As everyone knows, women are keener than men on opera. I exclude (obviously) performances of Wagner, packed with male Tory MPs wriggling and puffing up like bullfrogs as Wotan’s tunes portend pompously on trombones (the dears don’t realise it’s satirical, and Wotan literally the worst god/politician/person ever) and later as Siegfried gets a welkin-shattering funeral way too noble for this intermittently amiable lunk. No, the Wagner aberration aside, it’s definitely the ladies who go for Verdi, Puccini, Mozart and the other guys. And yet it’s an article of faith in the business (even among some men) that opera hates women.
I suppose it all started with Mozart’s Così fan tutte, a bracing, sunny staging of which may by now have resumed its interrupted countrywide tour with the admirable English Touring Opera. Its authors could have had no notion what a time-bomb they were launching in 1790 with this title — which means “that’s how women are” — and these days it’s effectively illegal to present it without ostentatious brow-furrowing about its incorrect attitudes and Mozart’s deplorable etc etc. In truth — and setting aside the regrettable fact that the eighteenth century happened, sorry everyone — beyond the trigger title and the shaming of “unfaithful” girlfriends in the denouement, Così’s purpose is not to denigrate women but just to point out that they are not necessarily that much less ghastly and shallow than men.
Così’s purpose is not to denigrate women but just to point out that they are not necessarily that much less ghastly and shallow than men
That was plenty bad enough for the nineteenth century, as it turned out. Beethoven was the first to find Così intolerable (the poor fellow had a ridiculously elevated view of women, which is why he could never land a proper girlfriend), and the Victorians were so horrified by the idea that ladies might possess sexual urges they had to close their eyes and furiously pretend Così didn’t exist. Oddly enough, or not, that was the very moment opera chose to embark on its trademark, single-minded extermination of heroines — Exhibit Two in the opera-as-misogyny show trial.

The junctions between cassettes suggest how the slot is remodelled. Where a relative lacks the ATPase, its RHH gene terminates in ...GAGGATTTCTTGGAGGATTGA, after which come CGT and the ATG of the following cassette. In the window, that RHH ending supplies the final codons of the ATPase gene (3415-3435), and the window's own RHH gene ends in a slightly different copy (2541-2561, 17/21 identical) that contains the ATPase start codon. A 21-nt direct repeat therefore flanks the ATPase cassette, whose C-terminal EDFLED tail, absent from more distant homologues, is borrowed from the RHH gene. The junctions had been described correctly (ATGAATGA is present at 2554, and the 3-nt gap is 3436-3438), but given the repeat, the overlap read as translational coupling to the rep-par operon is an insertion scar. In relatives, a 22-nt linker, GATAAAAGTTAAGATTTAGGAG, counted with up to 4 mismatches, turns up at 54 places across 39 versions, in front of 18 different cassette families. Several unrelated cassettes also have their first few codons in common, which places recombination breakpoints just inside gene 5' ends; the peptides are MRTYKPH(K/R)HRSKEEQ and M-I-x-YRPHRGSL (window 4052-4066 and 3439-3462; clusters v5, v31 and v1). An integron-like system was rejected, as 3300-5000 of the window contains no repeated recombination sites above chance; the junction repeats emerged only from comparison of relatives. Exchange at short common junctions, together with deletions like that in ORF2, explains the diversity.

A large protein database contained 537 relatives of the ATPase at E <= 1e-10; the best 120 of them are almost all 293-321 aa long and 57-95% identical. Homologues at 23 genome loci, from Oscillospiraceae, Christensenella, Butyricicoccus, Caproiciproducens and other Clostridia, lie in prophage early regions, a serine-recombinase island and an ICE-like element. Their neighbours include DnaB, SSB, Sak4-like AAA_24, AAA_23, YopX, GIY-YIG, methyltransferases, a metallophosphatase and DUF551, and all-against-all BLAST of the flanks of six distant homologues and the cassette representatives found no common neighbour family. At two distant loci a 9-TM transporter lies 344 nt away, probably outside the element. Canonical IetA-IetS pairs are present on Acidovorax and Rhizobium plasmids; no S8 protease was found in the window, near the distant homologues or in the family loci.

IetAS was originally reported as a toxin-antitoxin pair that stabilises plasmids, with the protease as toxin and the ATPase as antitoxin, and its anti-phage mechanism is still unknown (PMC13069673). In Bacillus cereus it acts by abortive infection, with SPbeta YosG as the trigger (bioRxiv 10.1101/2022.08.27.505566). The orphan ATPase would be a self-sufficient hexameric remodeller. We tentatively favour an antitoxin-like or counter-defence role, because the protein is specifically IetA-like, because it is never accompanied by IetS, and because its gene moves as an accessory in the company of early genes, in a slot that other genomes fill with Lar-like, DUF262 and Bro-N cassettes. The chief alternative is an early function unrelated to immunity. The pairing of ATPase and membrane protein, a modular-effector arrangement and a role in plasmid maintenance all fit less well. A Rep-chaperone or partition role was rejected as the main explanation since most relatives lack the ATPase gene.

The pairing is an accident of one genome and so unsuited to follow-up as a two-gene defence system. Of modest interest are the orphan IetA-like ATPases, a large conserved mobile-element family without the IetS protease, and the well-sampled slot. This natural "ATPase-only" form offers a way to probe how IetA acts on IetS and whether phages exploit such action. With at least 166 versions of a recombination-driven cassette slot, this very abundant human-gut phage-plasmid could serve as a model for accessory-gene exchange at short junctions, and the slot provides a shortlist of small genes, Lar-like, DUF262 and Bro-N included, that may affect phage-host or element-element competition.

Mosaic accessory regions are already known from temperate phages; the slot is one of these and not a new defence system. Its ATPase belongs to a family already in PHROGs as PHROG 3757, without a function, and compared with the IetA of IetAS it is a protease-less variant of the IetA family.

And it’s not a bad prima facie case, to be sure. Mortality can dawn for our gals in many jolly ways: go mad and die (Lucia di Lammermoor), go on the game and die (La traviata), get mixed up with violent nutters (or Americans) and die (Carmen, Madam Butterfly), take poison and die (Il trovatore), get walled up and die (Aida), get stabbed by your brother and die (La forza del destino), or simply melt into a muddy puddle ( The Snow Maiden). Career choices preceding the fatal moment are much scantier and may be pretty much summed up as “nun or whore” (though an enterprising portfolio-careerist could probably attempt both at once).
Again, this is really down to how the psychoses of the nineteenth century were encoded in the (mostly French, entirely forgotten) dramas appropriated by opera. But opera is a vividly unsafe space for both sexes; men’s exits tend to be less fun, but spare a thought for Don Giovanni (apparently carted off to hell for being what Bridget Jones would call “an emotional fuckwit”), Verdi’s Don Carlos (dobbed in to the Inquisition by his dad, King Philip), Alvaro in La forza del destino, who accidentally wipes out his girlfriend’s entire family before hurling himself into a ravine, cursing God and the world — and not forgetting old Radamès, sharing that wall-space with Aida.
Anyway, the prosecution case entirely misses the point: even if the playwright (of La Tosca, etc) Victorien Sardou happily called the motto of his success “Torture the women”, opera redresses the balance of suffering, turns those pervy fantasies on their heads by making women the only mouthpieces of humanity and truth, transforming voyeuristic sadism into a manifesto of sympathy, protest, compassion, forgiveness. Throughout Romantic opera, it’s always women who sing the stuff that matters. Because in opera, what counts is not the what or the why, but always the how — which music can express far better than any words. And it is particularly fatuous to accuse Mozart, the most feminist of composers, who more than any other challenged the shibboleths of his era. Così is an equivocal piece, for sure, a rough lesson in growing up, a sort of packed- lunch Enlightenment delivered to four kids who must learn life for themselves through the (rather stupid) game of testing their significant other’s fidelity.
But it is the soulful girl Fiordiligi who incarnates its humane truths, lives the pain of shedding her illusions about herself and the world, learns that things are complicated, “illicit” desire happens but can be forgiven, learns, in short, that other people actually exist as sentient and multi-layered beings. ETO’s programme notes rehearse the usual finger-wagging routines, but the show doesn’t, and Mozart’s music is left to describe — with unimaginable tenderness and beauty, and a surgeon’s eye for the heart’s most intricate recesses — the joy and pain of giving birth to a genuine, human self.
Naturally, the whole thing has precisely bugger-all to do with sexism, as audiences know perfectly well. As usual it’s only those who run the business, the smug and sanctimonious directors and opera-house apparatchiks, who don’t get it.
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